Zenefits was the software start-up star of 2014. It also looks like it will remain that way in 2015.
Forbes is reporting that Zenefits a Series C revenue drive, funded by companies like Fidelity and TPG, that raised more than $500 million, which values Zenefits at over $4.5 billion. The revenue drive far exceed the $1 billion target. This makes Zenefits one of the top 20 highly venture-backed tech startups worldwide.
The two previous revenue drives were successful for Zenefits, but not like this last one. In January 2014, their Series A drive netted $15 million. In June of last year, their Series B drive netted $66 million.
Zenefits offers an all-in-one human resources software platform that will provide small businesses covering all employee platforms including health insurance, payroll, compliance, and organization. The key to Zenefits’ success is that the software is free of charge to subscribing small business. Zenefits makes their money as a services broker, collecting a fee when a business signs up for a service through Zenefits. For example, if your company were to sign up for health insurance through the Zenefits software, Zenefits collects a fee for connecting the two parties.
Zenefits’ recent monetary push has put CEO and cofounder Parker Conrad in position to be the world’s next billionaire. The 34-year-old Conrad runs a company with over 1,000 employees and a majority ownership of stock, though he will not disclose the percentage.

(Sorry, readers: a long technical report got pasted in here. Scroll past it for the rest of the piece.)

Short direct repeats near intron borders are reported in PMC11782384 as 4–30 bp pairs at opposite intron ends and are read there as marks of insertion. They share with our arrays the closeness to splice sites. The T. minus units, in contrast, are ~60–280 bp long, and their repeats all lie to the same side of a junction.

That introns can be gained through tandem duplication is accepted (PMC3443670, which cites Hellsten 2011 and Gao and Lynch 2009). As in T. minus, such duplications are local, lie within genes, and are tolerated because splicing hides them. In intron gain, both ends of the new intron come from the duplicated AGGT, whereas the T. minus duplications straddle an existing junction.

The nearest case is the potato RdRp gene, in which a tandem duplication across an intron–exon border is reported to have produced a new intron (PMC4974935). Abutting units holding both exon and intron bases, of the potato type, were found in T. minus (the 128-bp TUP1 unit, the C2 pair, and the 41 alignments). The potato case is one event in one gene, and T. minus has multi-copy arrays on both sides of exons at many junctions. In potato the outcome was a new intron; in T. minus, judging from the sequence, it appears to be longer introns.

The San Jose Mercury News is reporting that Zenefits has grown from a three-person startup to its current state. “The company is growing faster than any software business that we’ve seen,” said Jules Maltz, a partner at Institutional Venture Partners, a Zenefits investor in the Series B funding. “The potential market opportunity for the company is so large that it could be an enormous public company at some point.”
Zenefits currently has upwards of 10,000 customers, up 2,000 from their end-of-year total. Zenefits closed more new business in the month of March than it had in its first 15 months of existence.
Conrad’s ultimate goal is to provide its services to the 5 million small businesses that employ between 2 and 1,000 employees. “We want to continue growing really fast and there are places we want to get to,” Conrad said. “So we need a lot of gasoline so we had to make a pretty big pit stop to fill up the tanks.”
Conrad is not new to tech startups. Both he and fellow Zenefits cofounder and CTO Laks Srini first created Wikinvest, which later changed its name to Sigfig. Soon after, both Srini and Conrad were removed from Sigfig.
[Image courtesy of Get Apps]